Part I
‘Before 2nd World War’ (Proto—)

So soaked by the passion of nationalism
Swimming in the deep ocean of proto-nationalism
Opposing obnoxious legislation
Highly enriched in the craft of intelligentsia
Blackmailed by the complacency of the chiefs
Who were not willing to help move wheels to change the status quo
Stung by chronic economic hardship

Condemning everything African
Yet propagating a missionary concoction of equality
Beholding a mirror of lies of no better elites from us
Smoked discrimination against us in our own homeland
A concomitant of western classroom dishing us in high unemployment
Drunk from the wells of Fante  Confederation
1868, Mankessim brewed and imbibed in us the spirit of consciousness

Determined more to the full of zeal and will
Chiefs played against each other by the head to the tune of bewilderment 
Mensah Sarbah on the hills of Ogua, Cape Coast
Seen blowing the flute of Aborigines’ Rights Protection Society in 1897
Fiercely antagonised by colonial tendencies
The cry of the nationalist still blazing
Their flames burnt to fill time zones

Then appeared from the half smoke
The Nationalist Congress of British West Africa
An eagle’s widest scope of the libation of Casely Hayford poured
Time seemingly right for this libation pouring to rekindke cold spirits
Inter-territorial connection of the fate ahead
Gold Coast, Nigeria and Sierra Leone embraced in one spirit of a common destiny

The new dawn of the positive sign waited for now born
As it ushered the wheels of the elective principle under the umbrella of the 1922, 1924 and 1925 constitutions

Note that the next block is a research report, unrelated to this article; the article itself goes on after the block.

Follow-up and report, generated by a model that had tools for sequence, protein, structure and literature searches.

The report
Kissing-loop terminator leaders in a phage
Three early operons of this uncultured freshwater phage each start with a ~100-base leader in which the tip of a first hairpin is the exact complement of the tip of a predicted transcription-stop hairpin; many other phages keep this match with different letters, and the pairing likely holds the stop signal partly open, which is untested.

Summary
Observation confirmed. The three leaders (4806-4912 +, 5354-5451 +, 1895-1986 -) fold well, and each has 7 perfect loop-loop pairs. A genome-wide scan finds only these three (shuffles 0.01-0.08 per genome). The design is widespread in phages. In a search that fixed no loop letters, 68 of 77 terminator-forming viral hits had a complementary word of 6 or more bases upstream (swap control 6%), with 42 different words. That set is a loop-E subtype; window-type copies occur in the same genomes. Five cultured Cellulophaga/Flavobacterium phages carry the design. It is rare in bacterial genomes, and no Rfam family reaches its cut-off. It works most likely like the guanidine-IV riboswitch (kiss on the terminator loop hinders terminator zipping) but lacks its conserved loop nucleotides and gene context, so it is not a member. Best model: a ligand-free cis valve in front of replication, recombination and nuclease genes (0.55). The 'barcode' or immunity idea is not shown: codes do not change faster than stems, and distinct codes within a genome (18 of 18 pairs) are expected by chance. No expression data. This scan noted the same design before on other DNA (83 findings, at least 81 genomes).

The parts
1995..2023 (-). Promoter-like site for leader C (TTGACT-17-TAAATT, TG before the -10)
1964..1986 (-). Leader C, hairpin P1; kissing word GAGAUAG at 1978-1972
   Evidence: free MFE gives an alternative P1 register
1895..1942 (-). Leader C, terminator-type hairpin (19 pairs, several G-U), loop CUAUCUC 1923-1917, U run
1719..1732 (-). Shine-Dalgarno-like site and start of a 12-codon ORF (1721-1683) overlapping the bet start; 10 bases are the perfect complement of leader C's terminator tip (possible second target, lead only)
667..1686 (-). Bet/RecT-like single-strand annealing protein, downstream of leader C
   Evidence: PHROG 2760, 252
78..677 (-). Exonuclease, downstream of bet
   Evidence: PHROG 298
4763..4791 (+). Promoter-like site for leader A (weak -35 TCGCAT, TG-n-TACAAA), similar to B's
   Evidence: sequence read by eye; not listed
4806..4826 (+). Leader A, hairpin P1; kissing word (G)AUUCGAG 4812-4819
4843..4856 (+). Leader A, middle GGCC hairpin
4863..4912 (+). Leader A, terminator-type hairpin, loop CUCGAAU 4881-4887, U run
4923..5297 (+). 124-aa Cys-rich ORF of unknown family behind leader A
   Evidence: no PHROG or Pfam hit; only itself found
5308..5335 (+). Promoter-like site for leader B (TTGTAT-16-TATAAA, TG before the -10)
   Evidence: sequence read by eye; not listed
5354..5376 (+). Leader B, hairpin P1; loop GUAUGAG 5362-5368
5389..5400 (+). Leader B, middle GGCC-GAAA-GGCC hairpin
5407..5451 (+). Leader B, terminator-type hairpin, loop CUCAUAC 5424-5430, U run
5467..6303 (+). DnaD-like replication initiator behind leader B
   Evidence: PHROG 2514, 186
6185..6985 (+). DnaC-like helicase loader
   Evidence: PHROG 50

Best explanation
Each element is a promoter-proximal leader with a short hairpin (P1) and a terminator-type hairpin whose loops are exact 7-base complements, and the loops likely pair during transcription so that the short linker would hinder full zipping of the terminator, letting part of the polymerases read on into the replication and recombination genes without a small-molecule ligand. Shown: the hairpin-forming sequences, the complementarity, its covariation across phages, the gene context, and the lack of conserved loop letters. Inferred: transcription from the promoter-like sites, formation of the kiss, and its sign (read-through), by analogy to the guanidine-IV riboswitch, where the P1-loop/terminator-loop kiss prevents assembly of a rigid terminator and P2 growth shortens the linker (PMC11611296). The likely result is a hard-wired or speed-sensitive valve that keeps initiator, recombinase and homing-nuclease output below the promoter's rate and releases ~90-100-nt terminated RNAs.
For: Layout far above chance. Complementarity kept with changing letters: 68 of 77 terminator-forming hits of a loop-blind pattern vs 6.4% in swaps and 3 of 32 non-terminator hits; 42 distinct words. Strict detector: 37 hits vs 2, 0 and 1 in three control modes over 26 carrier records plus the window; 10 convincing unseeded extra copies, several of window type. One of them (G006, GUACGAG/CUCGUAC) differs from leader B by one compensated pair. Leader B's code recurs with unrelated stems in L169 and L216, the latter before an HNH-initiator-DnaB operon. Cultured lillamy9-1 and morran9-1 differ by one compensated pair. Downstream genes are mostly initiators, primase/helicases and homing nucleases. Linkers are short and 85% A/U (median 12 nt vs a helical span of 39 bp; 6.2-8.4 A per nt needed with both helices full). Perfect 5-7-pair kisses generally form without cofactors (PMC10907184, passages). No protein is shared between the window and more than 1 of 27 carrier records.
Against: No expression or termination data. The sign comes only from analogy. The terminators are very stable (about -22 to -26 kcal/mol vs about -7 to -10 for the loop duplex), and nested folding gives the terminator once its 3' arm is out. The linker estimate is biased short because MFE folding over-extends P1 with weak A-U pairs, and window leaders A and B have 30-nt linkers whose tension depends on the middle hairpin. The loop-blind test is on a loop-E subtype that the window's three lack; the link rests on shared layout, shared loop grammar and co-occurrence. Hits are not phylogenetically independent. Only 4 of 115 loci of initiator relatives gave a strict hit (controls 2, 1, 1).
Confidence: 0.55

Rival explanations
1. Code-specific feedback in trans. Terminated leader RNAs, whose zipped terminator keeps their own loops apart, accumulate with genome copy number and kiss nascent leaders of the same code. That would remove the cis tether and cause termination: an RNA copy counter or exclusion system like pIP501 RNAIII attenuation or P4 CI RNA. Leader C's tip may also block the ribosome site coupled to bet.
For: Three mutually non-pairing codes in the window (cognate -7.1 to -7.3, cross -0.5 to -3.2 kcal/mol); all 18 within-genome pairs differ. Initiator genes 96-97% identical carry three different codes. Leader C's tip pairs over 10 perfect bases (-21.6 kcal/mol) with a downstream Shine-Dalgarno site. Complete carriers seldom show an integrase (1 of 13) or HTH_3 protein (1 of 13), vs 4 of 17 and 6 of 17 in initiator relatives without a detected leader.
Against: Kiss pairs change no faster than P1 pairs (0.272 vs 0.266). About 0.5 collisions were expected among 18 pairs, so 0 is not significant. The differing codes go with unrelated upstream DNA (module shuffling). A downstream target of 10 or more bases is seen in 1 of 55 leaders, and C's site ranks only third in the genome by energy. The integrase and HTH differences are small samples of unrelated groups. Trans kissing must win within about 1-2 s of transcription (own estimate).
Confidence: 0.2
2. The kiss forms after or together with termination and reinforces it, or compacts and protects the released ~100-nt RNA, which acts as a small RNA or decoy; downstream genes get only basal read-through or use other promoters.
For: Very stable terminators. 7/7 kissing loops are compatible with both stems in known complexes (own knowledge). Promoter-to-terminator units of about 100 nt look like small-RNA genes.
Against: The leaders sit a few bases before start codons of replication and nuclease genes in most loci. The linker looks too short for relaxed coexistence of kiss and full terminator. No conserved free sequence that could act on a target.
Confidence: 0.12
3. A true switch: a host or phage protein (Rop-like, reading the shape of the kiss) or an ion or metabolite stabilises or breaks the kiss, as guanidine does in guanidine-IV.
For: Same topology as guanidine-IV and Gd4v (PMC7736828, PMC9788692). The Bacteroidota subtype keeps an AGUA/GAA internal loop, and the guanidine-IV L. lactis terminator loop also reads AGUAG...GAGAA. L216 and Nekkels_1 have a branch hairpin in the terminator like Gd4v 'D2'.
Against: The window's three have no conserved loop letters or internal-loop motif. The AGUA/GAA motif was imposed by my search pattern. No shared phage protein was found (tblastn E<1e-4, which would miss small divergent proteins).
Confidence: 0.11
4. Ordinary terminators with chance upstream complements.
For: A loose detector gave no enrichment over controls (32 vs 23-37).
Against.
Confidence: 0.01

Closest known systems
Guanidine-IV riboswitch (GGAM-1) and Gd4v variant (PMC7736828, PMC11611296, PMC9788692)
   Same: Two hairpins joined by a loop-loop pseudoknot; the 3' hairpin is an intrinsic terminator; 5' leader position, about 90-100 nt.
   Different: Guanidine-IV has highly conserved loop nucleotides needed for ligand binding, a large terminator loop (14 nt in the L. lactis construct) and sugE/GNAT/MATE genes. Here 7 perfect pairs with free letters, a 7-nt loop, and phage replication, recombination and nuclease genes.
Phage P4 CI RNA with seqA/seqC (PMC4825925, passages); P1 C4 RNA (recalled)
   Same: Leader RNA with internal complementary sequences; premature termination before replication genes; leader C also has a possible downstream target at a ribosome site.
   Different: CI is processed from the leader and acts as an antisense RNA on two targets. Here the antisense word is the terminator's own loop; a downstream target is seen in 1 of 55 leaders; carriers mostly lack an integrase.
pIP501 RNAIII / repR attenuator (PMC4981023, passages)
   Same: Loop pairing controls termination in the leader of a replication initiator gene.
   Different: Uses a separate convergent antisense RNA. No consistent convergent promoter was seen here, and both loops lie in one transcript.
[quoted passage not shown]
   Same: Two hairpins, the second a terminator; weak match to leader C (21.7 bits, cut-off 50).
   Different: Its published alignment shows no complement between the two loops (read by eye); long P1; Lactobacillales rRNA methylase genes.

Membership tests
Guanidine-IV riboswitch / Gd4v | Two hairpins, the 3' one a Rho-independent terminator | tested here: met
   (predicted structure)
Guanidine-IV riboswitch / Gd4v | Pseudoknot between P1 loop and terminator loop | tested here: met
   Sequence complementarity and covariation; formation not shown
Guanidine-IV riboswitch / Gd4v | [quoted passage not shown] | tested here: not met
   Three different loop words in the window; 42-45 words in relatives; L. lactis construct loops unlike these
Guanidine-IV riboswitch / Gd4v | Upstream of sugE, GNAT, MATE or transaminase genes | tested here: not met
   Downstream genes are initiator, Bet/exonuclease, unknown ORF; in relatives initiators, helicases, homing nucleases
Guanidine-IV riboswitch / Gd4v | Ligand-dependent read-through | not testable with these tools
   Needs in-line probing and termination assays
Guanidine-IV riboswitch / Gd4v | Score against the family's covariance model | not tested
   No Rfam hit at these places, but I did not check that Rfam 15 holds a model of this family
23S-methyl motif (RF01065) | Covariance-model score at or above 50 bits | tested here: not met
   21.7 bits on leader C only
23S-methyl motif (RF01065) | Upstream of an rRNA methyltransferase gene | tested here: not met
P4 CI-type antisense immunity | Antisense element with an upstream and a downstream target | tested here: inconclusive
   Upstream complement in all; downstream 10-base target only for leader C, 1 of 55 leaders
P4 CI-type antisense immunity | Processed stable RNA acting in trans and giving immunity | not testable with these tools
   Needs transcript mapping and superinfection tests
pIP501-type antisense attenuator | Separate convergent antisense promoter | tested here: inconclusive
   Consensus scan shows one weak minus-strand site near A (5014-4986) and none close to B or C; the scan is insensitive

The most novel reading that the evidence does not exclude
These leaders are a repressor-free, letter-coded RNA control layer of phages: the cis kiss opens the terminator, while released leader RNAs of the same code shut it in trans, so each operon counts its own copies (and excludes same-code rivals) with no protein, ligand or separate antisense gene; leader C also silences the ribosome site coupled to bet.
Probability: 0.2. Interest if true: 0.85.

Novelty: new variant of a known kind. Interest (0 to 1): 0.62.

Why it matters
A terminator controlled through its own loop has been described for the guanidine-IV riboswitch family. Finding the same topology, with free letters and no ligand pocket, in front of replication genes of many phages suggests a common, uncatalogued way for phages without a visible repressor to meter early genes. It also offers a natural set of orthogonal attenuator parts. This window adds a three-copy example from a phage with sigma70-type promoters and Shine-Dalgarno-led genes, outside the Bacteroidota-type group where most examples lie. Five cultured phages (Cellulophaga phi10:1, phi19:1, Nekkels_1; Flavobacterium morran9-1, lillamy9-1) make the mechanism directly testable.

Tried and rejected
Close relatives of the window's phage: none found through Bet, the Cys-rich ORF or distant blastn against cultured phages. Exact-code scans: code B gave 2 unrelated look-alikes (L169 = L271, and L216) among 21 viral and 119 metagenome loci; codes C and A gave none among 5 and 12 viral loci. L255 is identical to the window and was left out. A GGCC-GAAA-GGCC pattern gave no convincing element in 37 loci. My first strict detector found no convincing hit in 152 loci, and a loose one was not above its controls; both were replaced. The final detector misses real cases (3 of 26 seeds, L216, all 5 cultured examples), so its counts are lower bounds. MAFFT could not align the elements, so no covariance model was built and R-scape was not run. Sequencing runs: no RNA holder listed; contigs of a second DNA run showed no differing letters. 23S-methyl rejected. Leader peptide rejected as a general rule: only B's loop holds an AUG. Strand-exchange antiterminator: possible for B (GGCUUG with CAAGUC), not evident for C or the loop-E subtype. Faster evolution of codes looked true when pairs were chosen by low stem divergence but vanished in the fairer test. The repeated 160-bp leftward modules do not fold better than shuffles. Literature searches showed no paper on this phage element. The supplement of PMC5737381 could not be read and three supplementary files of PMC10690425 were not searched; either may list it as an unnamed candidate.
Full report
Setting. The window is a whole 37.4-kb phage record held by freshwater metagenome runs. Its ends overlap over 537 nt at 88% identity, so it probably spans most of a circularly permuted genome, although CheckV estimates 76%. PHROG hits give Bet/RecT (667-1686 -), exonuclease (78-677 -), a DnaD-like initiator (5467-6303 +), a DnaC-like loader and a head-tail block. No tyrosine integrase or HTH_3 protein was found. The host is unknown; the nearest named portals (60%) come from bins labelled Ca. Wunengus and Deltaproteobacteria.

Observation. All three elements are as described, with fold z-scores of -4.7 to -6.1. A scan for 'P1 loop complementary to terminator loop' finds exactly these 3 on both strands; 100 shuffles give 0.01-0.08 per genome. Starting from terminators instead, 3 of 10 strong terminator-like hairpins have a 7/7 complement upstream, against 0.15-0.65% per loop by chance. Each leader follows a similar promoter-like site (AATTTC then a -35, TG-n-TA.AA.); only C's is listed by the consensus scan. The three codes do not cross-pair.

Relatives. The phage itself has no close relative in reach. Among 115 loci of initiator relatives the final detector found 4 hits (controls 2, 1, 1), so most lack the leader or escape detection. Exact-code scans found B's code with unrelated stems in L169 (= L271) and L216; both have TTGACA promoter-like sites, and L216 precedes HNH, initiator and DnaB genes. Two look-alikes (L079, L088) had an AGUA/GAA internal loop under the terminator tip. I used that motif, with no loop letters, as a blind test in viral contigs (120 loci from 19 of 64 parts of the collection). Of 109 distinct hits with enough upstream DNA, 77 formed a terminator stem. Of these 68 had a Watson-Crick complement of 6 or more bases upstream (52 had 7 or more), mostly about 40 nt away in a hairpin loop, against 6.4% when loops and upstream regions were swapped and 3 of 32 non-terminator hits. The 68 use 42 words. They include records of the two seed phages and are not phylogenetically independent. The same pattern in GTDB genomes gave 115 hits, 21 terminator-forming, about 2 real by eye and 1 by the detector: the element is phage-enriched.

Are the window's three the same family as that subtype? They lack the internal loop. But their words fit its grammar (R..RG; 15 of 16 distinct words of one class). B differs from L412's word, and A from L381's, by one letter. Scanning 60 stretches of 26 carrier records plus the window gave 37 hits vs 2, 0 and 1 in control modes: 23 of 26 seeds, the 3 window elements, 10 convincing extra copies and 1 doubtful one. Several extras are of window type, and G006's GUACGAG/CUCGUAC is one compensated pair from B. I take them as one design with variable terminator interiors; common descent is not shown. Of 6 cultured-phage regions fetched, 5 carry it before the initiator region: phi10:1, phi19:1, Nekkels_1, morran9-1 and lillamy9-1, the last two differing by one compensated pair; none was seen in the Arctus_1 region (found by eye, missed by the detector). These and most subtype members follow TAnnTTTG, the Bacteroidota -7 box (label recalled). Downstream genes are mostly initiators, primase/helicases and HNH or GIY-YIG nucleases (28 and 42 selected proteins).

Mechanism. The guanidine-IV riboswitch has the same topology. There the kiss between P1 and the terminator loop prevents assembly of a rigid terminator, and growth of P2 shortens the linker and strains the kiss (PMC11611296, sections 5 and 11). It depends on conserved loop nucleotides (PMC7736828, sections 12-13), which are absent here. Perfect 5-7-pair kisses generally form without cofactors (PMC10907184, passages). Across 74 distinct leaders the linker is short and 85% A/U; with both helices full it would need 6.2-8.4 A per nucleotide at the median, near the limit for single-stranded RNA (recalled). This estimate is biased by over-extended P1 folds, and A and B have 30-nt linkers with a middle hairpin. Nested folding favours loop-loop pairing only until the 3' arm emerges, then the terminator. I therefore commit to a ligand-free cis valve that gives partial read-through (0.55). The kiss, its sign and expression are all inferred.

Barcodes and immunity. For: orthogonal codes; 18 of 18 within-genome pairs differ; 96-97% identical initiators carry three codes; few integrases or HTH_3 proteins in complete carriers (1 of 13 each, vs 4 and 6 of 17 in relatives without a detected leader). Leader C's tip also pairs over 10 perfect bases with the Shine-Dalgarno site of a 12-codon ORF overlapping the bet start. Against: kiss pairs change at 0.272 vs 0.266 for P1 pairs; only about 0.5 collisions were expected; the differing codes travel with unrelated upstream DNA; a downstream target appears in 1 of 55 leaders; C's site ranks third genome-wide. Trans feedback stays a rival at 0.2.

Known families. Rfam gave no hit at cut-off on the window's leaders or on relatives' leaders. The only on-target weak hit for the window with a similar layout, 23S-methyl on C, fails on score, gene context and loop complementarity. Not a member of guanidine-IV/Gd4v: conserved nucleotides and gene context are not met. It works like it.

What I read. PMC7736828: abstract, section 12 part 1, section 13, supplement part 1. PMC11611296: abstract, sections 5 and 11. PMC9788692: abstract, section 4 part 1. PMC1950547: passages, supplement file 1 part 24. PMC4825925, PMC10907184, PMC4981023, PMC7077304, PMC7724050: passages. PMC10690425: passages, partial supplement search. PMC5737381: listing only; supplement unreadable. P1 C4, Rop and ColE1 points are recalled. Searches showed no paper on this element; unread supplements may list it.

Of Gold Coast, Nigeria and Sierra Leone respectively
Hearts stolen by a more desire for change
‘WASU’ rose through the blood of two young men
Setting the flow of it transportation on fire to it birth in 1925
Bakole-Bright whispering the voice of a deific direction to his spirit Comrade Ladipo Solanke
The other side of the colonial threat revealed
As Wallace-Johnson’s fortified zeal set in flames to no colonial quash
With the spectacles of the West African Youth League sprung to it feet of conscientising

Part 2
‘After 2nd World War’ (Militant—)

Nonetheless inebriated with the palm wine of nationalism
The tide of the new light rose to the birth of militanism 
As they delved deeply into new paths of elitism
Hearts and souls sewn to flames of fervor for freedom
Bitten by a more ardor conscious than ever
To fulfill the call of destiny for the people, nations and continent
Enlivened by the light of the Atlantic Charter
Adorned by shea lotion of  consciousness in 1945 by the Pan-Africanist Congress

Spirits moved to the feet of eager minds
By the fragmented supremacy of ‘theirs’ on the heated warfare
With our brothers and sisters form India,
And Pakistan serving as byspel of red sea crossing on leaf ribs
About what we must let the fluid dreams of minds ought to hope for

Fortified by built up militant ideals
The approach took we leaf from was strict radicalism
Ideals brewed under the distillery of 1945 in Manchester
The will of our people still crying on the wilderness of their own country for help
But where was the saviour of our soul coming from,
And who could be that being of a man born of a woman,
To still this stormy way towards freedom and independence?

From the fertile womb of Gold Coast, 
Came a man of multiple brightly colours
A man who felt the need with urgent passion to set the foundation laid right
Kwame Nkrumah that tune from the mirliton of freedom
Breaking the long overdue silence in 1950
With the epistles of Mahatma Gandi in the satyagraha strategies
Tightened to their waist tightly
The birth for a new era towards independence was here
Far from the perceived assumption on litmus paper to London

Newspapers of consciousness going viral like naked fire
With Nnamdi Azikwe’s Accra Morning Post
And Kwame Nkrumah’s Accra Evening News
Serving as healing catalysts for minds towards finally breaking the huge chains of colonialism
Gold Coast sub of the Sahara took the firstbite of self government in 1954
Thus paving way towards what was seen at the other side of the mirror’s reflection in (1957)…

The Village Thinker © 2014
All copyrights reserved
Nana Arhin Tsiwah


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